Is Gary Johnson actually important?


Far below the hustle and bustle of the media’s coverage of Hillary’s next email leak or The Donald’s next vulgar comment about women, there is another candidate who has been drowned out; who has neither displayed blatant dishonesty, nor has bragged about unsolicitedly groping women, and therefore has been taken for granted as the media propagates the campaigns of major parties to outlandishly grandiose proportions.


Treated as nothing more than an electoral nuisance, Gary Johnson — this candidate of perceived otherness — may actually be much more consequential to the American electoral process than many care to realize. As far as most know or care to actually corroborate themselves, there are only two parties that have the power to dominate the convolutedly labyrinthine American political scene: the Democratic Party and the Republican Party. This, though warned against by our first President, George Washington, has been what some might call the “gold standard” of politics (if ever there were such a thing), for almost one hundred-fifty tumultuous years, but as of late, this “gold standard” has lost some of its shimmer.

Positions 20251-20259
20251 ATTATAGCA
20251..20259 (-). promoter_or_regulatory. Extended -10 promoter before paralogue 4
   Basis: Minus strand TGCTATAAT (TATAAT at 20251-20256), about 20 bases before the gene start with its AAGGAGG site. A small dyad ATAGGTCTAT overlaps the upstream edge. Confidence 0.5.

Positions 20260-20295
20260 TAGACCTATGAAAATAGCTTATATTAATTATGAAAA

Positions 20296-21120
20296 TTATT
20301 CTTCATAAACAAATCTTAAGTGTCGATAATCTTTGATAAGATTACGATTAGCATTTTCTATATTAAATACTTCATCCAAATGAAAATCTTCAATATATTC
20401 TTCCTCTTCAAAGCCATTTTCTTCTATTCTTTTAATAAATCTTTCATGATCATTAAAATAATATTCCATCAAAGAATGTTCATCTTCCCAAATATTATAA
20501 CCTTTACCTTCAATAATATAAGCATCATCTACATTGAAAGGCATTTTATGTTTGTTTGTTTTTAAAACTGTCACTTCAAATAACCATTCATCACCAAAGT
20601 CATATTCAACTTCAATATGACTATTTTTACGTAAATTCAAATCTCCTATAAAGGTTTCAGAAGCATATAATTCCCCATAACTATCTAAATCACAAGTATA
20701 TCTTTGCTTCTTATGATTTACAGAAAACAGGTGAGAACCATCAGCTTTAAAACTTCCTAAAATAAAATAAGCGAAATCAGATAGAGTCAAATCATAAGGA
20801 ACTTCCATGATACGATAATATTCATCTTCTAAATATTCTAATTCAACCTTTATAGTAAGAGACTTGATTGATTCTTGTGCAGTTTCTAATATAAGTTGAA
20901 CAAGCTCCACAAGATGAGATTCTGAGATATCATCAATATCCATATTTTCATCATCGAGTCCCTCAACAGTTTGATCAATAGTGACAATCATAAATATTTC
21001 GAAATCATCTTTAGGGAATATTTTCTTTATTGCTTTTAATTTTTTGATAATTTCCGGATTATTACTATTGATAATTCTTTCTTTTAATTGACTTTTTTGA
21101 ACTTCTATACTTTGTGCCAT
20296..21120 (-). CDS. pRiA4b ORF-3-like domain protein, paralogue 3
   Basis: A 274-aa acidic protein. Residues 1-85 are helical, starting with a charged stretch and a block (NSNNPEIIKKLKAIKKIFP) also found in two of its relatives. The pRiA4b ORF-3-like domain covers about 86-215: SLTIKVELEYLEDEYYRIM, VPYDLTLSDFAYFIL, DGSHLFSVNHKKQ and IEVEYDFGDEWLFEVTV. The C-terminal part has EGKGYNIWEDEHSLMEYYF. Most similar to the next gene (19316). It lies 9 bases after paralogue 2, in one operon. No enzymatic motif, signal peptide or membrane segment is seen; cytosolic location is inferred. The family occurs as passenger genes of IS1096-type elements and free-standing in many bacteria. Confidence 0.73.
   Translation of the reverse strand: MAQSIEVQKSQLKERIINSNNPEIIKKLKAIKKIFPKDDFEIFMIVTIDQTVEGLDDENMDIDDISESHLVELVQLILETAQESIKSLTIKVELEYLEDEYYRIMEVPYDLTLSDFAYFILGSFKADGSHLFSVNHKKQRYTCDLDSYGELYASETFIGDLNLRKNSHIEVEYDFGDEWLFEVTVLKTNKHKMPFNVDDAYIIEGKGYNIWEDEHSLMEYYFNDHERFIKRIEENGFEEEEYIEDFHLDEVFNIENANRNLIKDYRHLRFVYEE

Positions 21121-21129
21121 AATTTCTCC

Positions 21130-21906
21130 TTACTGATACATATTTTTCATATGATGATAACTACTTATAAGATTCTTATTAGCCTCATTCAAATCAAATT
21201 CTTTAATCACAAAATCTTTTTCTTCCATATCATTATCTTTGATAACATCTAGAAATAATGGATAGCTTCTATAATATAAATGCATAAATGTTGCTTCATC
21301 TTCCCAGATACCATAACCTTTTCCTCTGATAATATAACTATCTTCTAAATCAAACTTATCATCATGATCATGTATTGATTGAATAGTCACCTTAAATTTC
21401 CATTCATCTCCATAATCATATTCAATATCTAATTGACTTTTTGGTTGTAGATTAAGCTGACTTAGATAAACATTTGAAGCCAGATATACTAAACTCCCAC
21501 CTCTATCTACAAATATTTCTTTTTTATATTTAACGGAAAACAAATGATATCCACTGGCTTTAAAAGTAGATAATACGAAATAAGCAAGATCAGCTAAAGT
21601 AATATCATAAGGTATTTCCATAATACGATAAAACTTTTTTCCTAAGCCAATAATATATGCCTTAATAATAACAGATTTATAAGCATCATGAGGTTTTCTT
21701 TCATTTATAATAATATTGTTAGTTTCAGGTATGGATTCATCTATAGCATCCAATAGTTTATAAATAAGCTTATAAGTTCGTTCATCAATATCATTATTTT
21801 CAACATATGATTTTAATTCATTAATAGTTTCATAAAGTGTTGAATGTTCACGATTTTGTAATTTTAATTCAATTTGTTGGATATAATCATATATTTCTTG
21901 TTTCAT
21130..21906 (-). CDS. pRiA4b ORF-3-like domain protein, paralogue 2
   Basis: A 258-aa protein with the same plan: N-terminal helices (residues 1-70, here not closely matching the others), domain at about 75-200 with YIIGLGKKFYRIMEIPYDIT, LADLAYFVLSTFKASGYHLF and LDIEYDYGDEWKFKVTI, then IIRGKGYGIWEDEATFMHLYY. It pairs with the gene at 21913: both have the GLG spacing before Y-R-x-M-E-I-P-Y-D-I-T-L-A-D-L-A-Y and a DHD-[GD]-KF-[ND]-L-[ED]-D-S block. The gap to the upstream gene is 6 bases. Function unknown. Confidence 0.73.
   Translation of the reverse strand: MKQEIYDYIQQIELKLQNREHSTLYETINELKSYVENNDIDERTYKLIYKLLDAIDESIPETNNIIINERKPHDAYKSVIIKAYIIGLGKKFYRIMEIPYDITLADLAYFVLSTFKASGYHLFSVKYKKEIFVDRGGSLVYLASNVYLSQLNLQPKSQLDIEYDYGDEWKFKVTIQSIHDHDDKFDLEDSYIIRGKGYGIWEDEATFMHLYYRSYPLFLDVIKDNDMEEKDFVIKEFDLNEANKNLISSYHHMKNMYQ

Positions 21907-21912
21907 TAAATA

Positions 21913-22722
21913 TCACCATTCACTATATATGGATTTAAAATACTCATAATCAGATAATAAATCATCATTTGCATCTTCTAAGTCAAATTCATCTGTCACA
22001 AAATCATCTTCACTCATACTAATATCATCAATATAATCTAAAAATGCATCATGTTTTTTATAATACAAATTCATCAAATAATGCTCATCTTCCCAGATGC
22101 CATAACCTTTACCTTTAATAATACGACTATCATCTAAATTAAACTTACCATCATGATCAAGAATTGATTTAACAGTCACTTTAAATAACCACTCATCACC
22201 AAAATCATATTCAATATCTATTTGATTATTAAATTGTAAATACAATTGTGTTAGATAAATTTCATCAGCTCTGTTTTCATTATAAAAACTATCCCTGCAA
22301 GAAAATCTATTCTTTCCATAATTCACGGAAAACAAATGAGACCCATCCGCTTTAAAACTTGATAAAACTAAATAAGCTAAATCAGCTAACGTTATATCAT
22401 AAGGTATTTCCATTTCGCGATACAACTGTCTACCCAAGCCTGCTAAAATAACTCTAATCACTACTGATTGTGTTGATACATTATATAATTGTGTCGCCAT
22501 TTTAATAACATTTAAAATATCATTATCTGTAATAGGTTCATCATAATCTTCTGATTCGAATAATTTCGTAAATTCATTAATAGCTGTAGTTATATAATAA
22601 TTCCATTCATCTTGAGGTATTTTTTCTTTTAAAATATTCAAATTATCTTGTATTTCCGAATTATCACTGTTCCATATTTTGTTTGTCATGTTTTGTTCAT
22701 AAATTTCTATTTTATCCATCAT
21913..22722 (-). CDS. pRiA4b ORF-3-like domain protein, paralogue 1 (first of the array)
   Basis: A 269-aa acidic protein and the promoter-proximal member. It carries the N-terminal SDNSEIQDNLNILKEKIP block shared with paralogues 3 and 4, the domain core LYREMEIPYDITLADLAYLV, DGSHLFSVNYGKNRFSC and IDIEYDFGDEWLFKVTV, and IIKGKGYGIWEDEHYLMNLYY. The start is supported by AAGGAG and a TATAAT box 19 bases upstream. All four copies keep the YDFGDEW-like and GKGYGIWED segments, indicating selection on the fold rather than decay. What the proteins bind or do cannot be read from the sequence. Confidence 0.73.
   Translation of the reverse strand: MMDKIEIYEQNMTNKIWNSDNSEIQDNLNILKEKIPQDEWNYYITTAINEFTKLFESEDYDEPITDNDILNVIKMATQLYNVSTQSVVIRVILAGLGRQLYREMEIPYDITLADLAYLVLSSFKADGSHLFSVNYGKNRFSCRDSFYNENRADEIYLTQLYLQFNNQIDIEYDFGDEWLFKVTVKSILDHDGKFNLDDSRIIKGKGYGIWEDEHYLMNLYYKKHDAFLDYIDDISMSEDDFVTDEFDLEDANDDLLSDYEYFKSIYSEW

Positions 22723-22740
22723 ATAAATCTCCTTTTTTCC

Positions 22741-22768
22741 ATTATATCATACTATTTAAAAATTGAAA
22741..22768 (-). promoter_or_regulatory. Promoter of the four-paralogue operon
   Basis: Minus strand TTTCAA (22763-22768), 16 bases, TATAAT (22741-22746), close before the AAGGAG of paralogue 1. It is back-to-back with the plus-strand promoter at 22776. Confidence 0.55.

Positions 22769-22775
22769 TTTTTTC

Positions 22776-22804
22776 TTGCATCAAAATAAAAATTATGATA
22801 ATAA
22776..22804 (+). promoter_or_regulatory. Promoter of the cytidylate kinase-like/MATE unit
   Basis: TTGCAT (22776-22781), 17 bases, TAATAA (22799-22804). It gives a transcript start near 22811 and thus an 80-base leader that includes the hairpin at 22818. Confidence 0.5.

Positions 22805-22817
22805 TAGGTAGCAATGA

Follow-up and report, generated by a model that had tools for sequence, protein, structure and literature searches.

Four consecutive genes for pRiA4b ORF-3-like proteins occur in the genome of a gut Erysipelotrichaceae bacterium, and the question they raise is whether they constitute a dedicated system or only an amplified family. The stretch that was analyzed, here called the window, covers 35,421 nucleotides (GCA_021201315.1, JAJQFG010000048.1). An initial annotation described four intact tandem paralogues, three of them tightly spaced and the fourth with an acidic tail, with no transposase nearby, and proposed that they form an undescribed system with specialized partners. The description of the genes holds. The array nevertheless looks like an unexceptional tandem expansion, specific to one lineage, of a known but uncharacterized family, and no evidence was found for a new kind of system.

Petty lies, bigotry, and rejections of the truth have warped and twisted the two-party system to the point where change is inevitable and, in some people’s minds, very welcome. But what kind of change are pundits suggesting will come in the wake of such political turmoil? Some say it will be the destruction or reformation of the GOP, but others point to something that may spell an end to the two-party system we know and loathe: the rise of a third party in America.


Third parties are not a new anomaly to the American political landscape. Instead, they are, like a long-forgotten phoenix, rising from the ashes of their predecessors and into the national spotlight. Entities like the Green Party or, to an even more prolific extent, the Libertarian Party, have made major waves to turn the tide of this election and elections to come.